Since 2009, South Australians have made a pilgrimage to the luscious vineyards of the Clare Valley on the Easter long weekend to revel and camp at a music festival with a difference: Blenheim.
It is where The Coconut Kids would be gorging on their Easter eggs anyway if they were not featured on the line-up.
Julian Ferguson, one of the lead singers of the joyous and eccentric world music-inspired ensemble The Coconut Kids, raves about Blenheim, a not-for-profit event that raises money for charitable work in Cambodia. “The whole band have been to Blenheim and it’s such a relaxed atmosphere.
“It’s the kind of festival where you can BYO; [some] festivals can feel quite commercial, [but] Blenheim you can tell feels quite organic and it’s quite unique compared to other festivals. You really get a sense of community and it feels very South Australian.
“If you have a read their website, it’s quite funny. They say that there is a no dickhead policy; just the wording of it is fantastic. They want everybody to be friendly with each other and have a good time and it is reflected in the people that run the festival and the people that go to the festival.”
Since their inception a year ago, The Coconut Kids have become adept at playing the festival circuit, due in part to their irreverent on-stage antics and instantly-hummable tunes. “We’re very much a live band in many ways; we record quite well too, but we thrive off playing live.
“We love shows and one of the things we’ve really learnt, because we’ve started playing festivals quite quickly, you really have to match your music to your audience. Especially with live this day and age, you’ve really got to nail a live show to get anywhere I think.”
Not content with playing festivals, the members of the band have pooled their diverse array of skills to co-ordinate the immensely popular Coconut Club pop-up festivals that have brought new life to pockets of the Adelaide CBD.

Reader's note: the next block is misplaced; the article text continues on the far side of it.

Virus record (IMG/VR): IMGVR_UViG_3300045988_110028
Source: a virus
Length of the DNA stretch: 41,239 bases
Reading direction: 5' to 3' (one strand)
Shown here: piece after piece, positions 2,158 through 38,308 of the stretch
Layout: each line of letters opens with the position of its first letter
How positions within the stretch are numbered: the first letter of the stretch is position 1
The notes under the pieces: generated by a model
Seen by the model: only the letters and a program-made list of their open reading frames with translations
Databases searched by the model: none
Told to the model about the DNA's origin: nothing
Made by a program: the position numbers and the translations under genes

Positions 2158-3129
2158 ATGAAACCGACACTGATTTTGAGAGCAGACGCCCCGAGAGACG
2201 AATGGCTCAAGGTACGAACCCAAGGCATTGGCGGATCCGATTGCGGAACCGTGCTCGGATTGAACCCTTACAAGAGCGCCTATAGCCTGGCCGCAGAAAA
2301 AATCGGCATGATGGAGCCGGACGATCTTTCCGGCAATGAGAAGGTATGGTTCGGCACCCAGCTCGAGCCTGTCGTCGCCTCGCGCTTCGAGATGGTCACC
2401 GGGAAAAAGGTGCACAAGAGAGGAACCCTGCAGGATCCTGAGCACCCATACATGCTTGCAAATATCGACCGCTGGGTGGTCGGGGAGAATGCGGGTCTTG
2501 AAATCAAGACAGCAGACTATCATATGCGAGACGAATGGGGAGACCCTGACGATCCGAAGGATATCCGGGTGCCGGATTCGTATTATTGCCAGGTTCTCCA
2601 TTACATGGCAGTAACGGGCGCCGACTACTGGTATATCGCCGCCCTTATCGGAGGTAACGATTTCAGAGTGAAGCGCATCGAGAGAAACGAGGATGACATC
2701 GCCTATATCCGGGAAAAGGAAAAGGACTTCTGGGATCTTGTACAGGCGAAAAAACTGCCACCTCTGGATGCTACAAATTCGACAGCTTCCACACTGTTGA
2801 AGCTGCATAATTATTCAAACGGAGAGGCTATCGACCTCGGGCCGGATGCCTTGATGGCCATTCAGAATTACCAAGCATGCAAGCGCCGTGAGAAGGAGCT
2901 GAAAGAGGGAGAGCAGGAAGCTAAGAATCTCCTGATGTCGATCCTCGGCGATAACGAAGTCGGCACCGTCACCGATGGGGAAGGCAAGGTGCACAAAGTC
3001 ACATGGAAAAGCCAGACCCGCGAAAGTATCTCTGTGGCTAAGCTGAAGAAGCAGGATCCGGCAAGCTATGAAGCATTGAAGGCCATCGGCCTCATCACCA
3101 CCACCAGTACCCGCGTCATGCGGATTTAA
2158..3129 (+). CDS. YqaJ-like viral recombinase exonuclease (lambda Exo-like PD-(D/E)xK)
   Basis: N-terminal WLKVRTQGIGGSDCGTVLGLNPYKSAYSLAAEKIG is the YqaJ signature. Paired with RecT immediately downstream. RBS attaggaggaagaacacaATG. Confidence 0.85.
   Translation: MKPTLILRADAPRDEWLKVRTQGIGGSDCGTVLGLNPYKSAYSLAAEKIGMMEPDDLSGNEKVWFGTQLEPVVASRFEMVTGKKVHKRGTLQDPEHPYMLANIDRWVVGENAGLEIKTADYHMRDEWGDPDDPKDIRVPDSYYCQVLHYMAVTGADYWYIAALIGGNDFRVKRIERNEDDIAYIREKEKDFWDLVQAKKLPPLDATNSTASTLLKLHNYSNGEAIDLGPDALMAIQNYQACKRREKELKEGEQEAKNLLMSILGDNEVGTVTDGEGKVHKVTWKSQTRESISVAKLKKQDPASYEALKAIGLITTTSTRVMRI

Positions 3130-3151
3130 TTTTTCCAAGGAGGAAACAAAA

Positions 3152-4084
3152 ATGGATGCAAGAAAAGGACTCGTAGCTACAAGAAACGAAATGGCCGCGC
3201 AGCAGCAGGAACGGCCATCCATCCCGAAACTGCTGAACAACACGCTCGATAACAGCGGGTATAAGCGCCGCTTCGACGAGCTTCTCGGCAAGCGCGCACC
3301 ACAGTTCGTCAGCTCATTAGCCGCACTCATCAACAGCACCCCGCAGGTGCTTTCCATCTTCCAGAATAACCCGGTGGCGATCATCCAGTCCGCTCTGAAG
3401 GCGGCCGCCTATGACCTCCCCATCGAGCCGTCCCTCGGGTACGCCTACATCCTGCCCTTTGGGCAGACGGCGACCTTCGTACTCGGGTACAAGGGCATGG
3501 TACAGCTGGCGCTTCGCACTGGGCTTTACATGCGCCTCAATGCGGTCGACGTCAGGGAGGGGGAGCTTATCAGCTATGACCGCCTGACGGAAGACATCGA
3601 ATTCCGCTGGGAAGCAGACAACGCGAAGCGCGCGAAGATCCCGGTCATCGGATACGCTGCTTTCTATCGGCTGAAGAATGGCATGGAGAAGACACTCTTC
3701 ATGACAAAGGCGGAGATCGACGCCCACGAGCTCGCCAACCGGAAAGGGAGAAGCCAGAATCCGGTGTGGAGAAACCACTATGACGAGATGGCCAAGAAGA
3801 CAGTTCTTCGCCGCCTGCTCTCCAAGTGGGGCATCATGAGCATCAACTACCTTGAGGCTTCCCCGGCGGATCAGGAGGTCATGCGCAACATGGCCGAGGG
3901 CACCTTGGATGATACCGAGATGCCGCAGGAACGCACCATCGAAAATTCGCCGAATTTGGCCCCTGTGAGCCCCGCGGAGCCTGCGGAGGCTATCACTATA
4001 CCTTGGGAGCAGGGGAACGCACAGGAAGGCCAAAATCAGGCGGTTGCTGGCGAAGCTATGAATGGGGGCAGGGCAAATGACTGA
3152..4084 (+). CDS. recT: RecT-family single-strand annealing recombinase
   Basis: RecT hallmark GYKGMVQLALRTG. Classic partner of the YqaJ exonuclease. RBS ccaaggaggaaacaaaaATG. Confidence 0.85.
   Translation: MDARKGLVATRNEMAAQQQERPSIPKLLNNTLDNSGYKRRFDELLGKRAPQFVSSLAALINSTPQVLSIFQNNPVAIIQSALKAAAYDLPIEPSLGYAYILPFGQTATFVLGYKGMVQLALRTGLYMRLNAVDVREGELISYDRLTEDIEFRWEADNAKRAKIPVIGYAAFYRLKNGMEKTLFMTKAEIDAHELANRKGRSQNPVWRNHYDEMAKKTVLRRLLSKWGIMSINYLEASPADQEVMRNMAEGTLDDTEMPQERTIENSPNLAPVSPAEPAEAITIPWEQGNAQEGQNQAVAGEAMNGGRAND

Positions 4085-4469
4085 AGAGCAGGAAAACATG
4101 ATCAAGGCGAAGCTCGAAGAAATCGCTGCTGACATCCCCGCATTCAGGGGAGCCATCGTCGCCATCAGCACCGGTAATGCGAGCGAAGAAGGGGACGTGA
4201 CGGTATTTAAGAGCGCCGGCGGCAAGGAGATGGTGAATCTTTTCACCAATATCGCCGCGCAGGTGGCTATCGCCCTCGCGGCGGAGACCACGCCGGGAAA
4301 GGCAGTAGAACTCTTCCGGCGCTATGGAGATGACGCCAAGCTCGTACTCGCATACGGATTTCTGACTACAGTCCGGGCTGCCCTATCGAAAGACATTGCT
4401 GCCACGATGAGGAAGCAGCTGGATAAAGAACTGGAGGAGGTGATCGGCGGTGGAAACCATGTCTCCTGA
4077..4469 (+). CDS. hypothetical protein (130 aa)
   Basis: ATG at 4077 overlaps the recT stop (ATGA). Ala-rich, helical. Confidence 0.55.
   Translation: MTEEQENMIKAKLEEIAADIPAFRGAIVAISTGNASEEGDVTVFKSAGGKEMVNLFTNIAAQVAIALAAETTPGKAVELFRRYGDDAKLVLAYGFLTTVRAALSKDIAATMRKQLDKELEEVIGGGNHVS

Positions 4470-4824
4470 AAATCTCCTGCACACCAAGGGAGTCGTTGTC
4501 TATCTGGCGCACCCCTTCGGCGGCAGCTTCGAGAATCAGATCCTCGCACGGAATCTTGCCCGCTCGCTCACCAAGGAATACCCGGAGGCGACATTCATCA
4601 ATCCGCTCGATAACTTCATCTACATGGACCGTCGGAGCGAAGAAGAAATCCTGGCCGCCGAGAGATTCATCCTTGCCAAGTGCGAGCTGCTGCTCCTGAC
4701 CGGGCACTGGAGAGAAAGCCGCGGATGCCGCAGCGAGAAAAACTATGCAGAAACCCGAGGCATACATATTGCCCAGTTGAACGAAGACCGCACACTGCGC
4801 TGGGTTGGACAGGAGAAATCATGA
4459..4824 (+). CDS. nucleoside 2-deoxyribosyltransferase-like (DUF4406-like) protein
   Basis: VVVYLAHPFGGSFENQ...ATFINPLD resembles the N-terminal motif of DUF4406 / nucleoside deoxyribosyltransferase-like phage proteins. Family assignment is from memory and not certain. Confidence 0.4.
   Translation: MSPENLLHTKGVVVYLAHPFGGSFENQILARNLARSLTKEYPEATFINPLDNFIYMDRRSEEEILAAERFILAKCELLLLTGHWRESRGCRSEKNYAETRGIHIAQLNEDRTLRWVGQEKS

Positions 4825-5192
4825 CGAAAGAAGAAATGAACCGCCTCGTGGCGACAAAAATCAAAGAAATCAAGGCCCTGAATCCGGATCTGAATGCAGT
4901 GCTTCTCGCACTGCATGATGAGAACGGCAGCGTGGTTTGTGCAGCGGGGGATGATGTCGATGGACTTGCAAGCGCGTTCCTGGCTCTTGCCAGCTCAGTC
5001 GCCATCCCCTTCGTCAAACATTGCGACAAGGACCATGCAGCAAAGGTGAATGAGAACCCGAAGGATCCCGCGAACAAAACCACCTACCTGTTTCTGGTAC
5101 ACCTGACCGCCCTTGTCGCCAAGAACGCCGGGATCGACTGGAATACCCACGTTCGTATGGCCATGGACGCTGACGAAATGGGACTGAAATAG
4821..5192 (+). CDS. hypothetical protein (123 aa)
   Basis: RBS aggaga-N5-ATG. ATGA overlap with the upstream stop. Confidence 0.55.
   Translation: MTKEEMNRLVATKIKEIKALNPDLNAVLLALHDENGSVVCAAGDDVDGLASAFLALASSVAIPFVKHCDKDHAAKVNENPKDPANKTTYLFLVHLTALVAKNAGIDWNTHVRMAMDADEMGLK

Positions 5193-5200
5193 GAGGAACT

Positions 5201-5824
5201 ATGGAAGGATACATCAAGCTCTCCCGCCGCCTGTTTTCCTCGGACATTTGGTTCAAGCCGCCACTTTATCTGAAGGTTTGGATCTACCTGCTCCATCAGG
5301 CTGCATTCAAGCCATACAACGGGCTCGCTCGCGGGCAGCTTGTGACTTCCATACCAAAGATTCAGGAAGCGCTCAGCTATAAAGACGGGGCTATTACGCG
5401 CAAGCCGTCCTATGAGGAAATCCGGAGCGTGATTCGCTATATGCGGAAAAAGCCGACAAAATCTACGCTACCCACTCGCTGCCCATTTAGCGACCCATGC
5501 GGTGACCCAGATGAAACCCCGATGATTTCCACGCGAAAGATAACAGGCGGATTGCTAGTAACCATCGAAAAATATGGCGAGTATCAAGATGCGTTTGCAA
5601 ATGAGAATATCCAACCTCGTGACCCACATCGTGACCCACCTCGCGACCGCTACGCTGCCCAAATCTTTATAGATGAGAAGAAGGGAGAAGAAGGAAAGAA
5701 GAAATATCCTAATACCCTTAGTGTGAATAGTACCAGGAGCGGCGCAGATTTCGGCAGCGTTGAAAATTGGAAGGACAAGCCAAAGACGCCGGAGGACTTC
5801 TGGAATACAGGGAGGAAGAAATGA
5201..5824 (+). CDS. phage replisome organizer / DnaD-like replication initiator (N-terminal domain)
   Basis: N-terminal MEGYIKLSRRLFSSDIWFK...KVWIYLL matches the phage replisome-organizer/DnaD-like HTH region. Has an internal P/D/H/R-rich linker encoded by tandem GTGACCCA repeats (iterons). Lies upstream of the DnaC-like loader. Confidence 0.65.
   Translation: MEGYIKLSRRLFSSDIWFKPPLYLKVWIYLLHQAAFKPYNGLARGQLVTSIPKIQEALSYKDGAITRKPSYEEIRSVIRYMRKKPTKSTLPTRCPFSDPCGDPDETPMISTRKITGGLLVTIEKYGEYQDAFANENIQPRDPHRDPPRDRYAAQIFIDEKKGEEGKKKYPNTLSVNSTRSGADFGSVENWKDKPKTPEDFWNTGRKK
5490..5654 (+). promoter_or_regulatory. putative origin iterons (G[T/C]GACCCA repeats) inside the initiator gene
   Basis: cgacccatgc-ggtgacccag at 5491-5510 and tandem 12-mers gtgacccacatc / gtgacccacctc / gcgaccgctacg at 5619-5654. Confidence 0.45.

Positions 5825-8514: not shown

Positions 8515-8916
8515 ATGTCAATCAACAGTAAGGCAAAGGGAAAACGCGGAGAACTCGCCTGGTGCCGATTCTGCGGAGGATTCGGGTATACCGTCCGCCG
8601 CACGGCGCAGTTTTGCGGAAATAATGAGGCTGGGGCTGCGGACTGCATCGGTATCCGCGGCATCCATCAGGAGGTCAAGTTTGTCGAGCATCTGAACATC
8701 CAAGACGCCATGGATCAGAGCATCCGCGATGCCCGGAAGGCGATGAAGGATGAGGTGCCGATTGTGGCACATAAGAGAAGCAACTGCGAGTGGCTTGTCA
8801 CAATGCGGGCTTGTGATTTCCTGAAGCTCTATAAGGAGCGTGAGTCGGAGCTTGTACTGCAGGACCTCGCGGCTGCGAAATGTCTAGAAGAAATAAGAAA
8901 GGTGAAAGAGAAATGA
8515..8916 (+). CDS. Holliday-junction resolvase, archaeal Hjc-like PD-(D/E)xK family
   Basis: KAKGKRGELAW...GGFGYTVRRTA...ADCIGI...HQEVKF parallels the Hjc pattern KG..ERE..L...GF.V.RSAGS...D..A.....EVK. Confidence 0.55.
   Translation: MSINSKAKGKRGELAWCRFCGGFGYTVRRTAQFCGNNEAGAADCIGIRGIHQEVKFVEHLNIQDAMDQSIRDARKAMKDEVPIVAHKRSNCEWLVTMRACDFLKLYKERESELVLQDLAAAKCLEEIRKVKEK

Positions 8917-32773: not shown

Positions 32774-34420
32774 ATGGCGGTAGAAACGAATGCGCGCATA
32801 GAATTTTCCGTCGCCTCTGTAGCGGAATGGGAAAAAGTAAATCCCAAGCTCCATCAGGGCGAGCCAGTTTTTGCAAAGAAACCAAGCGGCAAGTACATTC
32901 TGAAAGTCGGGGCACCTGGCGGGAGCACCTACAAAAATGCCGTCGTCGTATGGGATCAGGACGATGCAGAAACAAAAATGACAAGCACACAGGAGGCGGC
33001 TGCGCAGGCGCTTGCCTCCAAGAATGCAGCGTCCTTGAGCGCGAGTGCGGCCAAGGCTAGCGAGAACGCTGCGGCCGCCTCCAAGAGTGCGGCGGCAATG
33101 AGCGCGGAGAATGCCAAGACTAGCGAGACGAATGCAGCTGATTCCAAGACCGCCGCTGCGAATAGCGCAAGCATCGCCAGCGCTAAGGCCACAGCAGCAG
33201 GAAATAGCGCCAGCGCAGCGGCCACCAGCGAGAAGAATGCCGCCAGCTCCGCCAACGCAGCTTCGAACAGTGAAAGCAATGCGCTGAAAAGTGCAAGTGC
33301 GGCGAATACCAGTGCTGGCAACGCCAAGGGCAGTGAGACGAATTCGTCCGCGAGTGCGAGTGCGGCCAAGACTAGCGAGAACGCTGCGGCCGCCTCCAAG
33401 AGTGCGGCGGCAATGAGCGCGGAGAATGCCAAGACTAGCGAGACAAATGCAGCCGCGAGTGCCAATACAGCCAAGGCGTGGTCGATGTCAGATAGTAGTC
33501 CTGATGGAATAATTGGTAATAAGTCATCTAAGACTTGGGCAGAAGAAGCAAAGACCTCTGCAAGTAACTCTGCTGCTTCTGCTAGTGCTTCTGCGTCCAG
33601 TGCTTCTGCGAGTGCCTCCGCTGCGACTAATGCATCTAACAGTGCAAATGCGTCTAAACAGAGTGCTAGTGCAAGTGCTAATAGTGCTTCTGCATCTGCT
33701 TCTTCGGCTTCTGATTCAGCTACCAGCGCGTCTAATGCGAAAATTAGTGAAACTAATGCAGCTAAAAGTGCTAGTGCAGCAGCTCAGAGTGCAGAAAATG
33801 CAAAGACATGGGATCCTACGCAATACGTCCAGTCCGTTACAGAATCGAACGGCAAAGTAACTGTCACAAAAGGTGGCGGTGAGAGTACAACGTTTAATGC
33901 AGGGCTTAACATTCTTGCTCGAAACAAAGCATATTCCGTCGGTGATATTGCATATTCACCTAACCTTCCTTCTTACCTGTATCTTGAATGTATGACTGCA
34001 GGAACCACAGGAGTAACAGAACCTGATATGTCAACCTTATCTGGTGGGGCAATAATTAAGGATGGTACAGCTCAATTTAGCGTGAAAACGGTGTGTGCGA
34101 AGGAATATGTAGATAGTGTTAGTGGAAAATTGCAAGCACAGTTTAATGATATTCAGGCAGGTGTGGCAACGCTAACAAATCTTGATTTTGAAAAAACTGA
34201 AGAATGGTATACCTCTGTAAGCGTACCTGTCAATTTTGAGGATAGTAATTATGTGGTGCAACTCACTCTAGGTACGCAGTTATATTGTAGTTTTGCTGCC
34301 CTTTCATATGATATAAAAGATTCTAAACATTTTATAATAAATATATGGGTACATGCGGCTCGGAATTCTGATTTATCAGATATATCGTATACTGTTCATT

“We’ve run three of these little festivals. “The idea is that we’d take an urban space that isn’t normally used for music or events even and you activate it and we were able to cultivate a whole, new audience because people come along and see us that wouldn’t necessarily listen to us normally if they saw us as just another band playing at the pub.
"By attaching the word 'festival' and having a secret location, all of a sudden there was a bit of a buzz about it.”
The buzz around the band is almost at bee-hive proportions as they prepare to jet off to Austin, Texas for SXSW, the annual music industry where stars are born. Julian and the rest of the band are delicately curating their set-list for this momentous opportunity.
“We’re pretty new on the scene; we’ve been around for a bit over a year; we’re getting pretty excited… the tricky thing is, it’s our first showcase where you get to play such a small set. So it’s kind of like 'which songs do we do?'. The joys of the politics in a band come into play then.” The Coconut Kids join Tijuana Cartel, Sahara Beck and a host of others at BlenheimFest 13-14 April.